19. There is nothing apparently more innocent, harmless, and equitable in the world than the statement that a “thing should bring what it is worth,” and yet even that statement covers the most subtle fallacy which it has ever been given to human genius to detect and expose,--a fallacy more fruitful of evil than any other which the human intellect has ever been beclouded by. (130)

20. Value has nothing whatever to do, upon scientific principles, as demonstrated by Mr. Warren, with settling the price at which any article should be sold. Cost is the only equitable limit, and by cost is meant the amount of labor bestowed on its production, that measure being again measured by the painfulness or repugnance of the labor itself.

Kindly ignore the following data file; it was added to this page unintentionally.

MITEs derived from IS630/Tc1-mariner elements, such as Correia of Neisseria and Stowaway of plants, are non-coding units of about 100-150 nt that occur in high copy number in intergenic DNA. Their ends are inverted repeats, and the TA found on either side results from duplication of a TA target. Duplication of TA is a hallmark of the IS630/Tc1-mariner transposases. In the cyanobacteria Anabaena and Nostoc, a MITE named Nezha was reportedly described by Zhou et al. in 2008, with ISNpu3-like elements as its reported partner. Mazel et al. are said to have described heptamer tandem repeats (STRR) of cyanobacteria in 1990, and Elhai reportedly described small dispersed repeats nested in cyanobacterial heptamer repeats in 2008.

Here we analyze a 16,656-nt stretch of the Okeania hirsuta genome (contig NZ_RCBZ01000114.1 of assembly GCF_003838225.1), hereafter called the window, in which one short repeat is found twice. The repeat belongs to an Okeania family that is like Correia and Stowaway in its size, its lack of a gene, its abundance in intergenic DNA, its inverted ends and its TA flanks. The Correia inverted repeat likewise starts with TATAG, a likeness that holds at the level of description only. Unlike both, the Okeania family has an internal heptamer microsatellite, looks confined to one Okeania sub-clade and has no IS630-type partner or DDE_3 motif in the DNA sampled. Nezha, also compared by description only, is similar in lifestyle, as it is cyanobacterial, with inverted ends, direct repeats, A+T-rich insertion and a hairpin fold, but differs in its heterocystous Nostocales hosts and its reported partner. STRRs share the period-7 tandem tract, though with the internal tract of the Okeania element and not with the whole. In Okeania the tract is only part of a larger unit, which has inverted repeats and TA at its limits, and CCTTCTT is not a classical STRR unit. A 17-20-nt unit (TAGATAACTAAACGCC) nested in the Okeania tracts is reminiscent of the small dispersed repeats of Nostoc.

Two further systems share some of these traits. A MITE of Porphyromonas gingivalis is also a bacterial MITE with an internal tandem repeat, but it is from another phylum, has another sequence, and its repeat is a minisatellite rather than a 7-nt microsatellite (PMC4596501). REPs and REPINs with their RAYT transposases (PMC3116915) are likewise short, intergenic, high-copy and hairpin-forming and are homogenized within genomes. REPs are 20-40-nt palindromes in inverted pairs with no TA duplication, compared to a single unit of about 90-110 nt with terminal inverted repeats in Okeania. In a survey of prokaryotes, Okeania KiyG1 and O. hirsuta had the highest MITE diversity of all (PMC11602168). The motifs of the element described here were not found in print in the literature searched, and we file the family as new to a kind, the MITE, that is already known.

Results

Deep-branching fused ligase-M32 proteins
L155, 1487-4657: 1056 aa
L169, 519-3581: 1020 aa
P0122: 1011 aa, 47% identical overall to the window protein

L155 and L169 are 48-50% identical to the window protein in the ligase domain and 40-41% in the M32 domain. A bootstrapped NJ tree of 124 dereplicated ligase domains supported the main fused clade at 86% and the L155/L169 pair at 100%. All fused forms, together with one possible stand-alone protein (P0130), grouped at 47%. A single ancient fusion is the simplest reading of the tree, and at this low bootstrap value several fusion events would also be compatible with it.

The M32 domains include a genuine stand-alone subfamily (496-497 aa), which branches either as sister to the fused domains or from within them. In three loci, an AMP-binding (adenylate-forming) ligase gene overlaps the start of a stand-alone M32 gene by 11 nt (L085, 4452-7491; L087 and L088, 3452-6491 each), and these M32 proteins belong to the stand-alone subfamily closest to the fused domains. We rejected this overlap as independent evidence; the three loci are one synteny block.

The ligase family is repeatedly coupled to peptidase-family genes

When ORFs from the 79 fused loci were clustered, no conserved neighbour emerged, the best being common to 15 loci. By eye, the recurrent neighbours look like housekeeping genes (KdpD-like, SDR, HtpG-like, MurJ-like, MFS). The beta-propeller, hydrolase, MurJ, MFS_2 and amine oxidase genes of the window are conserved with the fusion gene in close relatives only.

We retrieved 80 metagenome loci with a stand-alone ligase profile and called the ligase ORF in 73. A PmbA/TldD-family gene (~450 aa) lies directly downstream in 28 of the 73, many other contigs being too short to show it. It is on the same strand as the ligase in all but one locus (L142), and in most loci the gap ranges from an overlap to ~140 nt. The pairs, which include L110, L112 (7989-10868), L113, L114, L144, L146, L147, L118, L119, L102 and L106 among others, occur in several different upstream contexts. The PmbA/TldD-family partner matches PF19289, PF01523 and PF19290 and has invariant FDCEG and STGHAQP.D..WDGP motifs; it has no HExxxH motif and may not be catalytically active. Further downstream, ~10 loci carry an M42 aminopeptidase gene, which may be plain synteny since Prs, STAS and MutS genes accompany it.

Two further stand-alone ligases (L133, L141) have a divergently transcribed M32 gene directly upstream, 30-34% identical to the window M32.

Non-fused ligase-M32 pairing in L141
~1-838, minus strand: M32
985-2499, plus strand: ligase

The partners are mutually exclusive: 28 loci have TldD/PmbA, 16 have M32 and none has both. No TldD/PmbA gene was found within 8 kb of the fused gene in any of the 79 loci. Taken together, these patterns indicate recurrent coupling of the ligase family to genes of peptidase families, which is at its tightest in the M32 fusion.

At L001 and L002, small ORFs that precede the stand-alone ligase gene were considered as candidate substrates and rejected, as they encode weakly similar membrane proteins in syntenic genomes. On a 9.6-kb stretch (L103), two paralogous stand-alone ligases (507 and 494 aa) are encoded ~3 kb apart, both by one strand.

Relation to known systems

Value is a consideration for the purchaser alone, and determines him whether he will give the amount of the cost or not. (132)

21. This statement is calculated to raise a host of objections and inquiries. If one purchaser values an article more highly than another, by what principle will he be prevented from offering a higher price? How is it possible to measure the relative painfulness or repugnance of labor? What allowance is to be made for superior skill or natural capacity? How is that to be settled? How does this principle settle the questions of interest, rent, machinery, etc.? What is the nature of the practical experiments which have already been made? Etc., etc.